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Editor: Anwar Hadi
Publisher: Fixi Novo
Novel Pages: 144
Micro Malaysians! is a collection of 100 stories, chosen from 1,163 entries from all across Malaysia, each no longer than 150 words.
Accompanied by illustrations by Caryn Koh, the book promises “a smorgasbord of the Malaysian experience, bite-sized and biting”. On first glance, this book does not seem to have a particular audience in mind, aiming to simply satisfy one’s curiosity just how much a writer could tell with so little, and if the tales are truly reflective of the Malaysian scene.
The stories are not arranged via their themes or genre, which makes some of the shift from one story to another jarring and weird. One page you are reading in the point-of-view of a wild animal, and the next story you are reading about suicide. Furthermore, such switches happen so frequently, it felt like browsing books at a bookstore. Or a menu.
That said, I did find stories that were enjoyable which led me to discover more works by said writers.
The thing is though, I’m a little unsure on how I’m supposed to feel after reading this collection of extremely short Twitter sized stories. Perhaps the aim of its publication is to present a view of what different people consider an interesting micro-story. This was helped thanks to the diversed background of the writers.
Thankfully, the illustrations by Caryn Koh assisted in flushing out the emotions of these stories which jumped from various categories; religious, racial and cultural.
But what is amazing is that the publication of this anthology challenged the writers in a most unusual way. Given the limited space available, the writers must introduce their main characters in a way that attracts readers right from the beginning.
So the challenge is to create an interest from the reader about these characters and why they should care to read the story to find out what will happen to them. Among the short titles that I felt grabbed my attention and made a unique first impression were; “Pendatang”, by Yan Chee Chong, and Flawlove’s “Beyond Gray”.
““Kau pendatang!” I spat him. He didn’t hear it, or if he did, chose to ignore it.”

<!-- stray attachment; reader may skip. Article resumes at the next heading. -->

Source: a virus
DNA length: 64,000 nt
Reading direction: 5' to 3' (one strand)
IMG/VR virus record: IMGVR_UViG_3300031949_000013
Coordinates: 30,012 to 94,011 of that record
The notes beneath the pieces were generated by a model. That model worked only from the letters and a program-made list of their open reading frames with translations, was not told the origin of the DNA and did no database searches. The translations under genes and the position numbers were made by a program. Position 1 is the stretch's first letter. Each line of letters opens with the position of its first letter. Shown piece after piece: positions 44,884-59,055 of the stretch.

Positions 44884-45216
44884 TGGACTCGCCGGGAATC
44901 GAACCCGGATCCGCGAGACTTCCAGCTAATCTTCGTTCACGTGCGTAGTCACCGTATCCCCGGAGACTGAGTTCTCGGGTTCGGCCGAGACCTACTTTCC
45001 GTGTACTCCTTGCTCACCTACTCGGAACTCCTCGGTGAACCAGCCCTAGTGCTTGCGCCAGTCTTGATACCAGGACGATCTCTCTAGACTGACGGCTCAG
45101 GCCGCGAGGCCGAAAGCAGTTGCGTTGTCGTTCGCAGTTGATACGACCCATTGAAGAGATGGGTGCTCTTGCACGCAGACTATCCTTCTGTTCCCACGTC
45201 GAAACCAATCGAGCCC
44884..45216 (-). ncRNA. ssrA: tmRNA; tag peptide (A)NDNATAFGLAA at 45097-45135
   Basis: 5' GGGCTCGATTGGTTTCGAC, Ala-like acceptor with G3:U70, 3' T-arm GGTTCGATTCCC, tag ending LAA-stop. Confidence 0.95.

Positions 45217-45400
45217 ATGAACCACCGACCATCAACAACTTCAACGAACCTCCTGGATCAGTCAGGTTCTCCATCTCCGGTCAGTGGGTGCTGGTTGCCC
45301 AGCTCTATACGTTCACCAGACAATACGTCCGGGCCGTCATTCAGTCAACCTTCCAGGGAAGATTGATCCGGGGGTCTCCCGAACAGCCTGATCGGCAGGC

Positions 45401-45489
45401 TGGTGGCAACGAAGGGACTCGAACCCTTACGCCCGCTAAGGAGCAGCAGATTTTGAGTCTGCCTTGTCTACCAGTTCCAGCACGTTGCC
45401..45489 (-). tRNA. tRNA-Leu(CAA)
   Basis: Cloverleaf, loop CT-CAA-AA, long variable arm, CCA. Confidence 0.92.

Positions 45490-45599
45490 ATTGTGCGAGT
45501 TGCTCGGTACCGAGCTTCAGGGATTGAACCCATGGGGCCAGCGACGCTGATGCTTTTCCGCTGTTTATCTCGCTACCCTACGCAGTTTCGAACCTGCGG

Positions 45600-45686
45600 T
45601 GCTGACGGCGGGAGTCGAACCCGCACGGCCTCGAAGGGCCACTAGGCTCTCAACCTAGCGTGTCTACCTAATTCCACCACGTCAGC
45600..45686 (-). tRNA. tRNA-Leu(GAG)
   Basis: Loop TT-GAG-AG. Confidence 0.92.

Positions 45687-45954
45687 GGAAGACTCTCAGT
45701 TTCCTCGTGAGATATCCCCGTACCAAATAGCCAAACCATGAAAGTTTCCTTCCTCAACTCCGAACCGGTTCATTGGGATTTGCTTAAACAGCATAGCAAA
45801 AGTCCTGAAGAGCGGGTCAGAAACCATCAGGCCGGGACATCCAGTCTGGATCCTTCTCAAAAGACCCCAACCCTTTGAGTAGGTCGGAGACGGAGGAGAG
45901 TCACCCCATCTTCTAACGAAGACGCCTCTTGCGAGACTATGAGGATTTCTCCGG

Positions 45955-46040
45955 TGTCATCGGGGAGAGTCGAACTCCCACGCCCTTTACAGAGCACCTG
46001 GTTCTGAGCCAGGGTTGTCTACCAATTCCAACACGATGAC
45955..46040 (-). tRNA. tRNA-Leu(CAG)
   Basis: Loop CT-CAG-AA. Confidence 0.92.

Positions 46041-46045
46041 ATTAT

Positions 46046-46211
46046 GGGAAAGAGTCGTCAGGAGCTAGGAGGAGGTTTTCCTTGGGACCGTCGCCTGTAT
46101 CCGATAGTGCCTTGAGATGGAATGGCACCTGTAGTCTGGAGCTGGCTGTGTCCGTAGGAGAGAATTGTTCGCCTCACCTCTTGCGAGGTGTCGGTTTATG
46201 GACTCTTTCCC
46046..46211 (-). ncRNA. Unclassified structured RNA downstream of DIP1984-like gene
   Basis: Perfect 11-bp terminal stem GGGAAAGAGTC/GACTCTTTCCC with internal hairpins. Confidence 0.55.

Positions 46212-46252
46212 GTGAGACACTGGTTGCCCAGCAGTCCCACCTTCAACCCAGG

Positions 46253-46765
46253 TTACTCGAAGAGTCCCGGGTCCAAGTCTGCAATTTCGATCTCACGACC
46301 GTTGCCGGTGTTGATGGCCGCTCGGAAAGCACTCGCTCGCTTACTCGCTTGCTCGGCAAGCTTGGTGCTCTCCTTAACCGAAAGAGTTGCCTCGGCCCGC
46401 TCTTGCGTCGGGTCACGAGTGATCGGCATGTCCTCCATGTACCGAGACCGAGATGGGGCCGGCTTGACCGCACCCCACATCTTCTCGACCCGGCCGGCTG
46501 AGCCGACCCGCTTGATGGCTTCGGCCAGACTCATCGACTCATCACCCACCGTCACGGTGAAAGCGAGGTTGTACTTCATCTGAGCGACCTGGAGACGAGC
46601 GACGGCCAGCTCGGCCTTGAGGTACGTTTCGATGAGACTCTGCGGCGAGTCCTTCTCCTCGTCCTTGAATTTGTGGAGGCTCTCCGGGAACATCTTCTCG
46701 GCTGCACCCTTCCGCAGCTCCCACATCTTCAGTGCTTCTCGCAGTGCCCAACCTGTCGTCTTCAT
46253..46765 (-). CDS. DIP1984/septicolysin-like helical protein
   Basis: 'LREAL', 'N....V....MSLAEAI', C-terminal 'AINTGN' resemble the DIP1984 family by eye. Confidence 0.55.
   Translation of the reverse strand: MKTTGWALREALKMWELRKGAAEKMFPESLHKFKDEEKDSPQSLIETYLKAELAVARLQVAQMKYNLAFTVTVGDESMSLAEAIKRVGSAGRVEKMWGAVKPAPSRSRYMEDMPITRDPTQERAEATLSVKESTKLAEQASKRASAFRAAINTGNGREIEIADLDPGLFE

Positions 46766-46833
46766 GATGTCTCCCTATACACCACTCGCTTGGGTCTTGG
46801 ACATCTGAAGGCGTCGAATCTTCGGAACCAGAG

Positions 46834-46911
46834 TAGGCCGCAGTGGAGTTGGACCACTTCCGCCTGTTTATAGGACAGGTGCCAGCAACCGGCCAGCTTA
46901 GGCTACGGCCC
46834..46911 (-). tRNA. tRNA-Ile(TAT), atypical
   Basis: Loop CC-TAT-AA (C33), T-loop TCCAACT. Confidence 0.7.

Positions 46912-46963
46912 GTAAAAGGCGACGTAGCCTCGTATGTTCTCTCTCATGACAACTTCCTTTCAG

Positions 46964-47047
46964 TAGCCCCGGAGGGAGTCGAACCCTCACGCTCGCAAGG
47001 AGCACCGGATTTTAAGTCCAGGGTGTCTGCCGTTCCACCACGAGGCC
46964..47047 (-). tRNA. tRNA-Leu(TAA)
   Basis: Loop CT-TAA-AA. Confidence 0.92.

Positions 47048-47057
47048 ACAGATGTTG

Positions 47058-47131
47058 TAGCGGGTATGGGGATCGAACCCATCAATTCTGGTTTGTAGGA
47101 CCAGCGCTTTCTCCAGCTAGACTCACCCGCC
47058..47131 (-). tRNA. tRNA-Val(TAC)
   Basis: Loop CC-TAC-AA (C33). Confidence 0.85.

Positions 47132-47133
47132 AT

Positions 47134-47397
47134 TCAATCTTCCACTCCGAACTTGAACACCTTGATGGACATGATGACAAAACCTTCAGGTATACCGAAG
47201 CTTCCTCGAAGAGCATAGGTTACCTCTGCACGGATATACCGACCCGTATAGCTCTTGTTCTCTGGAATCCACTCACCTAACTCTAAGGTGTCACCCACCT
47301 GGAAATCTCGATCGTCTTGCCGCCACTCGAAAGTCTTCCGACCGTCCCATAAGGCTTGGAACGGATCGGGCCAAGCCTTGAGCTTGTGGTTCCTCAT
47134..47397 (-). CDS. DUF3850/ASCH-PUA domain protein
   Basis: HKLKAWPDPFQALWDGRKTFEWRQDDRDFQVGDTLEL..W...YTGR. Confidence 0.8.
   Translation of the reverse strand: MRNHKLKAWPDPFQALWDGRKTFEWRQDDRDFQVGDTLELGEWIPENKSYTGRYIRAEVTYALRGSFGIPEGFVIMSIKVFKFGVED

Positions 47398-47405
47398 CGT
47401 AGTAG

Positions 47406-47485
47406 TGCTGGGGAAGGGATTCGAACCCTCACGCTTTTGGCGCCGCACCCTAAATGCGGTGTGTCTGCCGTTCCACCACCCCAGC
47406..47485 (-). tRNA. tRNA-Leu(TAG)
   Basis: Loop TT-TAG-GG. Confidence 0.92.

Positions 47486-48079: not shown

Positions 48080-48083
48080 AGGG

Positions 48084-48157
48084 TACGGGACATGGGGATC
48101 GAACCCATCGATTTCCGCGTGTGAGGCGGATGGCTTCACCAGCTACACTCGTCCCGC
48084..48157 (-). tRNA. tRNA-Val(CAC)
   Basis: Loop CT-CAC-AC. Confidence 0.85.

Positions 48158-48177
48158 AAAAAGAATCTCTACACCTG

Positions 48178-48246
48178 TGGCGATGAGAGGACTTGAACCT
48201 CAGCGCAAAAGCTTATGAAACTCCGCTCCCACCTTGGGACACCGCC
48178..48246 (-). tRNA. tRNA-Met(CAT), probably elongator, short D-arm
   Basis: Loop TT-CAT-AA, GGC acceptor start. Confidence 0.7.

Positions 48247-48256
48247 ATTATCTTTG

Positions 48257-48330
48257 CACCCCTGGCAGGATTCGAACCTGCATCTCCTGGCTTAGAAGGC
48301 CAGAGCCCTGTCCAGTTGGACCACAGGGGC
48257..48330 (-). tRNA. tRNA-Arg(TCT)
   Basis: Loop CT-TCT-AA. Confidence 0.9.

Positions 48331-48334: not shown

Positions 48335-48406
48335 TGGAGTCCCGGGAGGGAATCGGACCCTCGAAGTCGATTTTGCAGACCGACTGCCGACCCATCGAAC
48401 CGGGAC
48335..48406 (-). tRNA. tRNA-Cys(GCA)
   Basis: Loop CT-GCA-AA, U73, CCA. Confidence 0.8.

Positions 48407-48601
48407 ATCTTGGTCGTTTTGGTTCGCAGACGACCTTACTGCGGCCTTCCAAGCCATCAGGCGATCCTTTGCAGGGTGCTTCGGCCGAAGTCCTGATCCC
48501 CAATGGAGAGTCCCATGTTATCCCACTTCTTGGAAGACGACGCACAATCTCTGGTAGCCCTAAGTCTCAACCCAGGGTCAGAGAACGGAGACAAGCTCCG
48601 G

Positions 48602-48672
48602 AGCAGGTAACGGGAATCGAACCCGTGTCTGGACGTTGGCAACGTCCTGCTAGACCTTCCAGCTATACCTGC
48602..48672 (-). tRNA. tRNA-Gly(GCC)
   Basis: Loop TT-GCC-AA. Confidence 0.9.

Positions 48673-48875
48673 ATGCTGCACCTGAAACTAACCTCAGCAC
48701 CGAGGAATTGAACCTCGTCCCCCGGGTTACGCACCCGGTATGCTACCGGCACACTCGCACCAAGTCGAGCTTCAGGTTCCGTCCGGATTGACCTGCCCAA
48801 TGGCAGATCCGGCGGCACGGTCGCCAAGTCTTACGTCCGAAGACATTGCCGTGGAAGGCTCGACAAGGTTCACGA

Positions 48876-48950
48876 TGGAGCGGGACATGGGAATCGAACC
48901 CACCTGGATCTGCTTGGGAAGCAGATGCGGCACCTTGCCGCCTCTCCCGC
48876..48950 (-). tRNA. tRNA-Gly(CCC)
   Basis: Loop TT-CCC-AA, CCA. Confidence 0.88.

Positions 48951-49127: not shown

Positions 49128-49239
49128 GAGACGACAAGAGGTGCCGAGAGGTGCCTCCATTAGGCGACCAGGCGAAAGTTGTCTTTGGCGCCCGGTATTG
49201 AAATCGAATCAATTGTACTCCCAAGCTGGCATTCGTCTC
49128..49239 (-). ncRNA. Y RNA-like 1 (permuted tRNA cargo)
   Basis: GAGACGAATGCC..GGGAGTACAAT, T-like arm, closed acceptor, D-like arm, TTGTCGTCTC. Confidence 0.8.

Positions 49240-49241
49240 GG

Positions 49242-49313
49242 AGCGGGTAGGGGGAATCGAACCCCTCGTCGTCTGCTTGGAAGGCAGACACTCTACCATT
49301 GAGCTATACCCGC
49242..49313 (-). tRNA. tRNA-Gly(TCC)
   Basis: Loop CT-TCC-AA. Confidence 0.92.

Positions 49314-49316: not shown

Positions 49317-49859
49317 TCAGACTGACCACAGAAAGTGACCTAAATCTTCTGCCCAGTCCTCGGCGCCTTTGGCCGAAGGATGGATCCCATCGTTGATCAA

“They said she was colorblind. It was the seventh morning she sat in front of the brick wall, her palette and paintbrush around her. They also said she was a painter.”
Other stories, while having decent starts only made their true impact when we read them until the end.
Tones of some of the stories take an immediate shift towards the final lines such as “Malaysian Timing”, by Candice Lim. It starts sombrely, with the protagonist being told by Death that she has only three years left to live. The ending?
“Thirty years had come and gone… I found the courage to ask him, “I thought you said three years?” Death nodded. “Yup. Malaysian timing, ma’am.””
Some of the stories offer bittersweet musings, like “What Do Pets Think?” by Syaween Zainal, which let us feel what a dying loyal pet might feel. Some are incredibly reflective of scenarios certain Malaysians might feel as depicted in Masami Mustaza’s “3.33am”, where religion is a major obstacle that threatens to end a romance.
Others revolve around daily silliness, such as in “Eat First”, by Saodah Haji Lasim, where a public eatery’s wifi password is mistook for something else. Then there are just plain bizarre, bordering on disgusting – Ashraf Farid’s “Junk Food” concerns foreskins.
Despite the various themes, horror seems to be the most prominent. While several of them are retelling of horror tales we are already familiar with, many had titles that did not betray its true theme.
Can you imagine the horror behind titles such as “Pickup”, by Marcys Van Geyzel, or “Gulai Lemak Daging Salai” by Nur Athirah Radzi, or “Survivor”, by Terence Toh. If anything, these terrifying tales are certainly the most memorable compared to the others.
Though there is room for improvement as Micro Malaysians! was not impressionable in my opinion, yet it did succeed in showcasing a preview of sorts on how capable Malaysians can be when it comes to storytelling.
Micro Malaysians! is now available at all major bookstores nationwide. Read a book recently and would like to send us a review? Drop us an email firstname.lastname@example.orgTags: Caryn Koh, Fixi Novo